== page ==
As a skin care professional, you are likely getting most of your business through word-of-mouth advertising. Many of you are already using social media to promote your spa. But remember traditional public relations (PR)? Are you using newspapers, magazines, television and radio to your advantage?
PR is not advertising—instead of paying for an ad, with PR, you can achieve the credibility that only editorial coverage delivers. An advertisement is self-promotion and is perceived as such. A mention in an article or on-air is a third party raving about your business. This type of exposure carries name recognition, improves your reputation and can attract new clients.
Attaining publicity entails either hiring a PR professional or a PR firm, or performing PR tasks internally, which requires knowledge, time and energy. An independent PR professional can often be hired for as low as $2,000 per month, while PR firms can run up to $10,000 per month. For a PR firm to promote a skin care facility, it may cost around $4,000–5,000 a month. When signing with a PR firm, you will be expected to commit to at least six months, if not one year, because results won’t be experienced overnight, and consumer magazines usually work on a four-month lead time.
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If your facility is a small operation and you can’t afford to spend such amounts, consider doing the PR yourself. The most important thing is to create relationships with the media. Familiarize yourself with local magazines, newspapers, and television and radio stations in your area, and get to know the journalists who cover spas, beauty and health topics. You can do that by looking up the mastheads of the printed publications or looking up the websites of the stations. It would be wise to invite these reporters for a complimentary treatment at your facility.
But before you do all that, you have to understand the nature of media in general—your local media outlets specifically—as well as tailor your communication to each magazine, newspaper or station.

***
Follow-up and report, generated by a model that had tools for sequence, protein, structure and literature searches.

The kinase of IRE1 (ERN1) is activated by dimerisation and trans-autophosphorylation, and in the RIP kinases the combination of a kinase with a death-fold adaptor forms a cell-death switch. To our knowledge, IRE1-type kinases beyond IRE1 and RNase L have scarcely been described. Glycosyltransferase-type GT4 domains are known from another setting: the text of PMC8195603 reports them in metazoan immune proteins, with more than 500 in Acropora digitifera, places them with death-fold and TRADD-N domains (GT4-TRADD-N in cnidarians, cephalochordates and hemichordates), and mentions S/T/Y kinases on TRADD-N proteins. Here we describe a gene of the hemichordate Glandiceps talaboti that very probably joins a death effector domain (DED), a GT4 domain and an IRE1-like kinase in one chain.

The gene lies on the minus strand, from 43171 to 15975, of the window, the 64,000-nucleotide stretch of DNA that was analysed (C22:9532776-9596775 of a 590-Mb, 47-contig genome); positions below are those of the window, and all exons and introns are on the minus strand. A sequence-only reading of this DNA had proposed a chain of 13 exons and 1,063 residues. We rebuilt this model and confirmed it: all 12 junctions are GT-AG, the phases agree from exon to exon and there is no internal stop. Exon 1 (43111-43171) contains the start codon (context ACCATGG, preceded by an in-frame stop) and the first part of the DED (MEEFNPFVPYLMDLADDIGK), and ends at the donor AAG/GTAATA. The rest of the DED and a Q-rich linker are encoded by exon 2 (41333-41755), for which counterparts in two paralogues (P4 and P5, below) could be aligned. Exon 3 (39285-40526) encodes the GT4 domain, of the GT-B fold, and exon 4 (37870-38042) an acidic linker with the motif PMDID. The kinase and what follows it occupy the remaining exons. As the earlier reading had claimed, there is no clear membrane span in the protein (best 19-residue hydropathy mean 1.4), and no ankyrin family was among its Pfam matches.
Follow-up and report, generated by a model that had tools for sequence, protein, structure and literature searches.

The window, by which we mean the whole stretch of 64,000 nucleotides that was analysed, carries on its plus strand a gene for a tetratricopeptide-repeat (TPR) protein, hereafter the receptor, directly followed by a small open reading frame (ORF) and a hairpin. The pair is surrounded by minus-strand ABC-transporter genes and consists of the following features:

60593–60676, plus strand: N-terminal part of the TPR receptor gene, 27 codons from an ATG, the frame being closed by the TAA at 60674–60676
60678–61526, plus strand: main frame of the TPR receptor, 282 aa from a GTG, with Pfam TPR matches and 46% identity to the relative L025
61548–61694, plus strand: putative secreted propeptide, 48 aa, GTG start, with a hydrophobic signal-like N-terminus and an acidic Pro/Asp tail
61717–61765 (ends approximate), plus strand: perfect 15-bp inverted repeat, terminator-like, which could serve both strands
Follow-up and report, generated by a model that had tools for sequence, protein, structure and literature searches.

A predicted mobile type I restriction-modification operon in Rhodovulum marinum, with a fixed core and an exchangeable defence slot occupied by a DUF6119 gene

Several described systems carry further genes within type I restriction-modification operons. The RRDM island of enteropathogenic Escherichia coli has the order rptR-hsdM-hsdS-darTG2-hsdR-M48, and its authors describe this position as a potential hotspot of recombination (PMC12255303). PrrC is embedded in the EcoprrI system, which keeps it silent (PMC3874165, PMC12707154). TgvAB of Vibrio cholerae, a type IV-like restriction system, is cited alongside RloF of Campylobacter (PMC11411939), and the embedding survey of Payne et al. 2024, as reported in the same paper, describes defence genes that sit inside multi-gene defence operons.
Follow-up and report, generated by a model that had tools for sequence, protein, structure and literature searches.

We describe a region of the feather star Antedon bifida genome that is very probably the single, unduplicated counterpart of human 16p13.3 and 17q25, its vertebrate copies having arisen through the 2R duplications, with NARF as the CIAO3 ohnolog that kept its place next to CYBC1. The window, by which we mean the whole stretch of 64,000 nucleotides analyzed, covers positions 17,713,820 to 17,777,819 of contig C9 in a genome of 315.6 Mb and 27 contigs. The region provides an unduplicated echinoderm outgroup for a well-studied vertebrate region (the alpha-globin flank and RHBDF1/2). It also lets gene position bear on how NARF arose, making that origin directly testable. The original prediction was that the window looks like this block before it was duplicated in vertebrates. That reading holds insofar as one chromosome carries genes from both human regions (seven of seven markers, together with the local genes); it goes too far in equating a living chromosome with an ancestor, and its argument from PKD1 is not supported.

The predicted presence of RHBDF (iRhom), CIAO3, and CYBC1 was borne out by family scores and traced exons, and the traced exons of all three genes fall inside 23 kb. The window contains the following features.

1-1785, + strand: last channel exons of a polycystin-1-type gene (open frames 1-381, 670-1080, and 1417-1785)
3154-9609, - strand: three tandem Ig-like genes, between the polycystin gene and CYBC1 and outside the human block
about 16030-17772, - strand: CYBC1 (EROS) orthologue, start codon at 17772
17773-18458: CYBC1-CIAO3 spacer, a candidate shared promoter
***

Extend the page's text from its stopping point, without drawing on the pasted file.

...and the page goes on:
When speaking with media representatives, put yourself in their shoes. A journalist’s mission is to deliver news, not to promote your spa. Your message to the media has to contain something exciting and beneficial to consumers; that’s what will peak a reporter’s interest. What differentiates your business from the competition? Are you offering a groundbreaking new treatment no one has ever done? Are you offering a new product, or does your product contain an innovative ingredient? Is your spa involved with the community in an interesting way? Can you offer an exclusive promotion for the readers of one particular publication?
Think of trends, seasons, holiday promotions and anything else that may be of interest to a journalist. Your goal is to achieve exposure—being positioned as an expert is not a bad thing.
Be sure to have photos of your facility on hand to be e-mailed; they must be 300 dpi, and large enough to be printed. If you don’t have the means to print a professional press kit, be sure to have all the required information about what it is you’re promoting, as well as general information about your spa, including address, general phone number, website and a way for the journalist to reach you directly.
Remember that reporters and editors may be on tight deadlines and can come across as impatient or hurried. Don’t take it personally. If you don’t hear back, be persistent, but always polite. When in doubt, use e-mail. Write in a concise and clear way, and get to the point quickly. Be certain to speak about what you know, to be truthful and persistent.
When you do achieve editorial coverage, be sure to capitalize on it: Frame it and display it at the spa, and scan it and add it to your website’s press section. Remember to thank the journalist; the least you can do is mail a handwritten card. Consider taking them out to lunch or sending flowers, because creating long-lasting relationships with the media will be the key to your PR success.
Ido Kadman is a brand strategy and marketing communications specialist with more than 15 years of experience. He has promoted day spas as well as skin care, hair care, makeup and fitness facilities. He consults companies on how to grow their businesses and focuses on the spa, beauty, travel, hospitality, luxury goods and entertainment industries.